Here are four ways you can implement WebSockets using serverless

Yan Cui

I help clients go faster for less using serverless technologies.

The myth that “you can’t do WebSockets with serverless” still persists today, even though we have some very good ways to implement WebSockets without needing to manage any servers.

Part of the problem is that many still falsely equate “serverless” with Lambda. But serverless is much more than that. To me, it describes any technology that:

  1. No need to manage servers.
  2. Scale to zero.
  3. Usage-based pricing with no minimum charge.

With this in mind, API Gateway, AppSync, and IoT Core are all serverless technologies. All three let you implement WebSockets.

Momento Topics [1] is another good option if you are open to exploring non-AWS options.

API Gateway

API Gateway WebSockets are very low-level and require a lot of work.

As the application developer, you must maintain the mapping from WebSocket connection IDs to users. You do this by implementing Lambda functions that handle API Gateway’s onConnect and onDisconnect events.

When sending messages to a user, you must find the user’s connection ID (in your own database) and call the API Gateway Management API to send the message.

Because you can only send messages one at a time, it can be very inefficient and costly to implement group chats or broadcasts.

Imagine building a sports streaming app and wanting to notify everyone watching Barcelona vs Real Madrid that a goal has gone in. If you have a million live viewers, then that translates:

  • a million reads from your DynamoDB table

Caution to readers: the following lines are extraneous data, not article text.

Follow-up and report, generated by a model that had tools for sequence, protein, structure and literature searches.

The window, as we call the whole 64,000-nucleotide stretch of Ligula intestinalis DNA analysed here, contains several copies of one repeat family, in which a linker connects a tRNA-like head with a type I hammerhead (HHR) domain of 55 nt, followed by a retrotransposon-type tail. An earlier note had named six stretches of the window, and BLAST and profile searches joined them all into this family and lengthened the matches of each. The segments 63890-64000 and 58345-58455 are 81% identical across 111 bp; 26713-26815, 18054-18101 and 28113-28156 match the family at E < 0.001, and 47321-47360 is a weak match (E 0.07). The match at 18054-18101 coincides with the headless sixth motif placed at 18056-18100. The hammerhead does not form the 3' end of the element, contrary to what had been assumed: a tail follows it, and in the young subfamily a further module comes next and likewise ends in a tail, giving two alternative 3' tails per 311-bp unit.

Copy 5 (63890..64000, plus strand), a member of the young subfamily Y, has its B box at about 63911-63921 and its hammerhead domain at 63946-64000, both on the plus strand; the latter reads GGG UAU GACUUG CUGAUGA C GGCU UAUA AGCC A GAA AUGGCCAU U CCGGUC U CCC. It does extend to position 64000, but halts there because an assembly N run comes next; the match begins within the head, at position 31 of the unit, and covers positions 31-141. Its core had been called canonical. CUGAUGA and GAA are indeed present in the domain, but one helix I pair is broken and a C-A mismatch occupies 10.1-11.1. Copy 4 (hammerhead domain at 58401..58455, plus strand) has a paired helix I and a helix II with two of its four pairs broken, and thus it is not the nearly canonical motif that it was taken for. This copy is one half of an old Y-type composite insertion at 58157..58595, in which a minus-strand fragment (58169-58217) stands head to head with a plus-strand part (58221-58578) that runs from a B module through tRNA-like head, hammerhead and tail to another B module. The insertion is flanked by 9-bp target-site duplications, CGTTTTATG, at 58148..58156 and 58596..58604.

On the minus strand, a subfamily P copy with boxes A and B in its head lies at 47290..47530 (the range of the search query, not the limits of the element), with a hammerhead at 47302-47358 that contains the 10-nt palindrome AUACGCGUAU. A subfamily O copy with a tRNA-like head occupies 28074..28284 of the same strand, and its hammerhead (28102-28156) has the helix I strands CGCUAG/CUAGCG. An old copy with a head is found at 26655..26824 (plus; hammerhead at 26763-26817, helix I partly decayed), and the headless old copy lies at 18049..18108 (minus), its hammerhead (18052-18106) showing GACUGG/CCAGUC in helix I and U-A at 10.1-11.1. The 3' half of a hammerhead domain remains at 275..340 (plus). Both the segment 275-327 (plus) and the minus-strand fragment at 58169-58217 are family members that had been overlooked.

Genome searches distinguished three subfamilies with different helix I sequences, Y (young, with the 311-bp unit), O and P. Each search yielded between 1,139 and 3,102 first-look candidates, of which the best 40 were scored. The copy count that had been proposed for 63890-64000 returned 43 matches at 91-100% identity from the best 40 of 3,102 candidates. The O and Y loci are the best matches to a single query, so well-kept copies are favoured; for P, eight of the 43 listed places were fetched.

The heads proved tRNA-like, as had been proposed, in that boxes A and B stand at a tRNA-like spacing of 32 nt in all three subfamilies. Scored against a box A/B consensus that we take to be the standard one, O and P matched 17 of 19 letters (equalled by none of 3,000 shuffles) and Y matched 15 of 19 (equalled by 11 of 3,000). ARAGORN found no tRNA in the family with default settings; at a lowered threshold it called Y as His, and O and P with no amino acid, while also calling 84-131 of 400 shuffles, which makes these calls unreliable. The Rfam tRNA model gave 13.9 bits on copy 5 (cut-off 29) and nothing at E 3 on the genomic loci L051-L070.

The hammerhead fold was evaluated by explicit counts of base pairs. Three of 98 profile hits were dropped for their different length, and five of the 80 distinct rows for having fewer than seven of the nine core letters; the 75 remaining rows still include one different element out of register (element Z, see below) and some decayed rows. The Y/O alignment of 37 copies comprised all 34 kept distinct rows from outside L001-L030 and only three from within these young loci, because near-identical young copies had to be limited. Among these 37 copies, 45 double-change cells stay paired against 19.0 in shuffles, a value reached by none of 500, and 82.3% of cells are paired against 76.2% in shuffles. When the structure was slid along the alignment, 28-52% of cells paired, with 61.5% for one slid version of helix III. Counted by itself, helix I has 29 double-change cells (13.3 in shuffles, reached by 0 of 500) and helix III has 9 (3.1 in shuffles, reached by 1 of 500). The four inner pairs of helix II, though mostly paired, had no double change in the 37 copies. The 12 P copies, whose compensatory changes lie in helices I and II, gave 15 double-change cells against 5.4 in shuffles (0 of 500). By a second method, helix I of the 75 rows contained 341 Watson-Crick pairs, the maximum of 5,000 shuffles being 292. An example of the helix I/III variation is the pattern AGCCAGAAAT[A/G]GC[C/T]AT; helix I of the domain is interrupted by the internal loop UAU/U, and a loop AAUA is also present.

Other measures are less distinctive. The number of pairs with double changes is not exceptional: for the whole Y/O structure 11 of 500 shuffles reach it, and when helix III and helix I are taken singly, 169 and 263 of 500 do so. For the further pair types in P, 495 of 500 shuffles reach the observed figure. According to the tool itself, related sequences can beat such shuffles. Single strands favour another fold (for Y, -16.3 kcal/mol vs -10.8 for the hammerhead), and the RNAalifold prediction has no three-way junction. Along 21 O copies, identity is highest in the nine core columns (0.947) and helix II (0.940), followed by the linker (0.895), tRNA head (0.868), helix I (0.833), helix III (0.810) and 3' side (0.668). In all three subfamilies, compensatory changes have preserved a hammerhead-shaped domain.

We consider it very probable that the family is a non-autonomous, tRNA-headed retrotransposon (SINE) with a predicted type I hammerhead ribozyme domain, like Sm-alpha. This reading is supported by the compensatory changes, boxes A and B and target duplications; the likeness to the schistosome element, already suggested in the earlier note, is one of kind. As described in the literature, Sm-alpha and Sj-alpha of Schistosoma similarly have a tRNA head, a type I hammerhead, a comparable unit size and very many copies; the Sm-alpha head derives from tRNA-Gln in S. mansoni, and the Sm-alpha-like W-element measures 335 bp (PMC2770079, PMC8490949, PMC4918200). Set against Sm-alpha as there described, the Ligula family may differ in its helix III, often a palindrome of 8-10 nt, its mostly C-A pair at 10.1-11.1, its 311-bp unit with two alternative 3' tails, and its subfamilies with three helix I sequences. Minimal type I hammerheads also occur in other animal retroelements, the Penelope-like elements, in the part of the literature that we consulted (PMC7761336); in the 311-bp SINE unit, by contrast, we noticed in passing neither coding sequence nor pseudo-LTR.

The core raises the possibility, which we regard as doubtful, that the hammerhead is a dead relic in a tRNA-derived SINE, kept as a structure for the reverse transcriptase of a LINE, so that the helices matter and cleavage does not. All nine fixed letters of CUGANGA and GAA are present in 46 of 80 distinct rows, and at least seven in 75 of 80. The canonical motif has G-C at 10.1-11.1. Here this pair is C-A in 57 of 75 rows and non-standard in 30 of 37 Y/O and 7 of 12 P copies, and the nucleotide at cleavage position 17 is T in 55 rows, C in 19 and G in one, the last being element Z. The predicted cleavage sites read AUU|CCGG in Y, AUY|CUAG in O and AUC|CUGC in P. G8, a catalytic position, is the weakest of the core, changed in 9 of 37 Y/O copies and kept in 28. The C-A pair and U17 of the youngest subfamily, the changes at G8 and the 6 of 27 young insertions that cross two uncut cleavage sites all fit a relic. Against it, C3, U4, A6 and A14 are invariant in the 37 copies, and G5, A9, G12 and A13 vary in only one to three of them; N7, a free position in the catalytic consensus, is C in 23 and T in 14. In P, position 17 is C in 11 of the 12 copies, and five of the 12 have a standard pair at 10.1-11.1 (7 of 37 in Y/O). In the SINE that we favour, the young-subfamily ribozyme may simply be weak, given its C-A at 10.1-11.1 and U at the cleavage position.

• a million API requests to the API Gateway Management API

Of all the options here, this is my least favourite.

AppSync

By comparison, AppSync subscriptions are a breeze to work with.

In the GraphQL schema, you connect a subscription operation (i.e. what a client can subscribe to) to a mutation operation.

That’s it! AppSync takes care of the rest.

Multiple subscribers can subscribe to the same update. When someone publishes a post, the update is automatically broadcast to all the subscribers.

Subscribers can filter what updates they want. To support this, you only have to add arguments to the subscription operation. Here, we allow the caller to filter on author, title, publishYear and publishMonth.

If you only want to receive new posts from “Cixin Liu” then you simply call

addedPost(author: "Cixin Liu") {
  id
  author
  title
  content
  url
}

If you want to learn more about AppSync subscriptions, then check out this explainer video [2].

IoT Core

Despite its name, the AWS IoT Core service is not just for IoT. It’s actually just a serverless messaging service that speaks MQTT [3].

You can subscribe and publish messages to topics. Pretty simple.

But it has some nice quality-of-life features because it’s designed with IoT in mind. For example, it can store messages if a device is offline and deliver them when it next comes online.

The quickest way to understand how it works is to try it out yourself. Head over to the IoT Core console and click “MQTT test client”. Here, you can subscribe to a topic (e.g. “test”) and then publish a message to the topic.

Momento Topics

Momento Topics [1] are conceptually very simple. You can subscribe to a topic and receive and publish messages through a WebSocket connection.

Allen Helton wrote a nice article [4] on the architecture behind Momento Topics. I highly recommend giving it a read.

The innovation that Momento Topics brings to the table is its pricing structure.